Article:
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Illustration: Sarah Grillo/Axios

Facebook Tuesday said that political content makes up only about 6% of what users actually see on its platform.

Why it matters: The new number is meant to provide context for reports that have focused on the viral popularity of conservative political content on Facebook.

Details: In a blog post, Facebook's VP of analytics and chief marketing officer Alex Schultz writes that most content that users see in the U.S., even during an election, isn't political.

  • "Based on our analysis, political content makes up about 6% of what you see on Facebook," he says.
  • Schultz notes that Halloween saw twice the increase in posting on Facebook than Election Day did, "even though Facebook prompted people at the top of their News Feed (a number of times) to post about voting."

Schultz also clarified that lists about engagement from Facebook Pages, often published by journalists or researchers using data from CrowdTangle — a measurement company it bought in 2016 — and other third-party measurement companies, are often a misleading indicator of what's truly going viral.

  • "Likes and comments don’t equate to reach," Schultz writes, referencing what CrowdTangle measures. "Our ranking models include much more than just engagement. For example, they can include survey results, like when we ask people whether a post was worth their time."
  • He also notes that these lists often lack measurement of posts that don't include links and posts that are shared from everyday users, not official Pages (public profiles created by businesses, brands, celebrities, media outlets, causes, etc.).

Be smart: Facebook's post aims to push back on a growing narrative based on lists of "most engaged with" content from Pages that suggests Facebook is dominated by conservative content.

  • To counter that picture, Schultz provides — for the first time — lists of which U.S. news publishers and Pages reached the most people in the U.S. in the week following the last presidential debate. The lists are very different from CrowdTangle's lists of the most engaging posts, which usually come from hyper-partisan publishers.
  • The U.S. Pages with the highest reach from Oct. 23 to 29 are The Dodo, an animal-focused website; Rick Lax, a magician and author; Steve Harvey; AARP; Justin Flom, another American magician; Donald Trump; Tasty; Fox News; Delish; and Memes.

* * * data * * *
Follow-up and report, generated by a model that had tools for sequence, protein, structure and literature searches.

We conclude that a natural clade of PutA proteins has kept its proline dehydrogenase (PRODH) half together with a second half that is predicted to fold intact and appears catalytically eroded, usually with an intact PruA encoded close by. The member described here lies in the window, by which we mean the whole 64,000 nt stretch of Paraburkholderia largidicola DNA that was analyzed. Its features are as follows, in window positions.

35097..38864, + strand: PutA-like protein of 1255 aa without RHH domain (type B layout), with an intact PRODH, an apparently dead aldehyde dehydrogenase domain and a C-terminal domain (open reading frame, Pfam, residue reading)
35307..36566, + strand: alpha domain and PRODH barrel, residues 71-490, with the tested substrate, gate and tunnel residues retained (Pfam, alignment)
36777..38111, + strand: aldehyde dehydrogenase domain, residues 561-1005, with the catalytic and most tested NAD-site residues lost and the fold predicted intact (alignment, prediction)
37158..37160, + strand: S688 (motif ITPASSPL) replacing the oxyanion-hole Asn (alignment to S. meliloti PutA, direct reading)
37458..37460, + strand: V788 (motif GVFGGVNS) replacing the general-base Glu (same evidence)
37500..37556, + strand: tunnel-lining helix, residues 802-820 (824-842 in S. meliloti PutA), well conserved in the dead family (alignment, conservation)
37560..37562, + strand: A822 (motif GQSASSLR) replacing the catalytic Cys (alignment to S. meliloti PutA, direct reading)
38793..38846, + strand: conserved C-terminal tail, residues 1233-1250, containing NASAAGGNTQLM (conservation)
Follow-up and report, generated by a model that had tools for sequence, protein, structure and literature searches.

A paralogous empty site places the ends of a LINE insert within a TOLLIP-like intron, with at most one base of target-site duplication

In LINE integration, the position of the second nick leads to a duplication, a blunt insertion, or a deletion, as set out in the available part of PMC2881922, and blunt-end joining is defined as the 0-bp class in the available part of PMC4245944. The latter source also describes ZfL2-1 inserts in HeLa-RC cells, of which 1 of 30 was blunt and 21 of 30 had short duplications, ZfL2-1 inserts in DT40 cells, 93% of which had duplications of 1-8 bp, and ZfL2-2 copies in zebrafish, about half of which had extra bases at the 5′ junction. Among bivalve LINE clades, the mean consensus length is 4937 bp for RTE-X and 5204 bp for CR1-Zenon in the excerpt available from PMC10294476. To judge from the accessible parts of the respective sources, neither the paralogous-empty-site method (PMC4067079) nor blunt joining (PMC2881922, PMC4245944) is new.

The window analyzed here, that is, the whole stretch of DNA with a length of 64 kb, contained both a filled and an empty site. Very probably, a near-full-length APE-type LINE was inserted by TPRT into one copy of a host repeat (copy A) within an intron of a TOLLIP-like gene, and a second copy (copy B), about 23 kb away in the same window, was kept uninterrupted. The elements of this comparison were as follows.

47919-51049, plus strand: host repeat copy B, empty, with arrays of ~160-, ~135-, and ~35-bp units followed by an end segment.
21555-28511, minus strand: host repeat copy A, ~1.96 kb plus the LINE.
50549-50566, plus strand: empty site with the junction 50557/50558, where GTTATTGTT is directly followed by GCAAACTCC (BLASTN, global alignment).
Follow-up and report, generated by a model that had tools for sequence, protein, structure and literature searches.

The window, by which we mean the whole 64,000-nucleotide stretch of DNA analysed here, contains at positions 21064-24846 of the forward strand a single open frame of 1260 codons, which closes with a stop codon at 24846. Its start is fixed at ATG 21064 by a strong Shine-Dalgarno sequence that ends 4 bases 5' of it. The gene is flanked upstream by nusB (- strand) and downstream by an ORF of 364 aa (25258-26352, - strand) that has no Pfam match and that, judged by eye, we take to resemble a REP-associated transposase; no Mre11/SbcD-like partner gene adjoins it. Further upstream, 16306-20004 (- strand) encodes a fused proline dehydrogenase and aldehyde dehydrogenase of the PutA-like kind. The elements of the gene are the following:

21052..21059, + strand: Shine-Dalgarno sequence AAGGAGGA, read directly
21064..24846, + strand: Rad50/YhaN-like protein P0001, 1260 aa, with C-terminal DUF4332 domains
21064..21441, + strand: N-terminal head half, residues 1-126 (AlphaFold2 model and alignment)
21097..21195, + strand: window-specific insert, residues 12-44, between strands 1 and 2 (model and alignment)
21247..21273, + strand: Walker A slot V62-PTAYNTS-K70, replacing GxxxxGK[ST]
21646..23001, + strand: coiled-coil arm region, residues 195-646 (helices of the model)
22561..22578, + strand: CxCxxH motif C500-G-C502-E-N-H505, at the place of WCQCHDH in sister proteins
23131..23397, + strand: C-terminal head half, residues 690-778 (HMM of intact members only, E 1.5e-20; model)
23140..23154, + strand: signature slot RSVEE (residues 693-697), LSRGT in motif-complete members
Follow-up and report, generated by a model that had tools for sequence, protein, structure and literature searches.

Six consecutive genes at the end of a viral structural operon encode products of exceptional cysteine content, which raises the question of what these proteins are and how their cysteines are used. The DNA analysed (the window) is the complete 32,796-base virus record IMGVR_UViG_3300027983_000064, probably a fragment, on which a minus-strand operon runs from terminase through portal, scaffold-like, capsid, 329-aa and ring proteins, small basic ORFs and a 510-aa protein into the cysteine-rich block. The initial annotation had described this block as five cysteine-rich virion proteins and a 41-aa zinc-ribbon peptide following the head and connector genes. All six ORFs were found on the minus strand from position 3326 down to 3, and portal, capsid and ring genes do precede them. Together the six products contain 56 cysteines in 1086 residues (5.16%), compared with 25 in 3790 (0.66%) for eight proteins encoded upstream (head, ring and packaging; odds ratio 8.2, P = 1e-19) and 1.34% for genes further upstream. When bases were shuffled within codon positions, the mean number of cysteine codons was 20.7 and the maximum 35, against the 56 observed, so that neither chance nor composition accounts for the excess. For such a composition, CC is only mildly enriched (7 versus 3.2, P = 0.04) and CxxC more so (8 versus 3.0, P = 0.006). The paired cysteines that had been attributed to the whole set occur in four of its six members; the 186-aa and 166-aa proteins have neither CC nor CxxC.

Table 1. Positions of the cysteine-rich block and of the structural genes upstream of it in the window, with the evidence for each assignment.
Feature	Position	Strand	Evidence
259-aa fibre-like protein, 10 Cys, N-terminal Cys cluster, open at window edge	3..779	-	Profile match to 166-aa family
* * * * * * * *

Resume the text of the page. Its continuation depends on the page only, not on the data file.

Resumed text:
• The U.S. publishers with the highest reach (by domain link) were cnn.com, foxnews.com, nbcnews.com, washingtonpost.com, nytimes.com, cbsnews.com, nypost.com, usatoday.com, people.com, and npr.com.

Between the lines: Facebook's post also addresses confusion over whether the company made changes to its algorithm that would boost certain content just after election results were reported on Election Day, as some speculated online.

  • While pages from more mainstream news outlets like the New York Times, NPR, CNN and the Washington Post saw big spikes in engagement at that time, Facebook says those increases likely occurred in response to users' search for election results information from credible news sources.
  • But it does note that, while temporary measures the company put in place to address potential misinformation may have affected users' rate of engagement with some content at that time, the impact would not have been big enough to affect its ranking.

Yes, but: Journalists and researchers relying on numbers provided by CrowdTangle or NewsWhip point out that it's often the most accurate data they are able to get their hands on. Facebook shares little of the data it collects on how content is consumed on its platform.

  • In the future, the company says it will publicly provide more data about which posts are getting the most reach and engagement.

What's next: Facebook says it's partnering with a group of researchers from a number of universities through the Facebook Open Research and Transparency project to conduct a series of privacy-protected experiments and analyses of what happened on Facebook during this election cycle.

  • Schultz says the company hopes the first research papers on the topic will be published next year.

Go deeper

Jan 28, 2021 - Technology

Facebook Oversight Board overturns 4 of its 5 first cases

Illustration: Aïda Amer/Axios

Facebook's independent Oversight Board published its first set of decisions Thursday, overturning four of the five cases it chose to review out of 20,000 cases submitted.

Why it matters: The decision to go against Facebook's conclusions in four out of five instances gives legitimacy to the board, which is funded via a $130 million grant from Facebook.

App rush: Talent over trash

Data: Knight First Amendment Institute at Columbia University. Chart: Michelle McGhee/Axios

Amid the sea of pollution on social media, another class of apps is soaring in popularity: The creators are paid, putting a premium on talent instead of just noise.

The big picture: Creator-economy platforms like Patreon, Substack and OnlyFans are built around content makers who are paid. It's a contrast to platforms like Facebook that are mostly powered by everyday users’ unpaid posts and interactions.

Jan 29, 2021 - Technology

Big Tech is outsourcing its hardest content moderation decisions

Illustration: Aïda Amer/Axios

Faced with the increasingly daunting task of consistent content moderation at scale, Big Tech companies are tossing their hardest decisions to outsiders, hoping to deflect some of the pressure they face for how they govern their platforms.

Why it matters: Every policy change, enforcement action or lack thereof prompts accusations that platforms like Facebook and Twitter are making politically motivated decisions to either be too lax or too harsh. Ceding responsibility to others outside the company may be the future of content moderation if it works.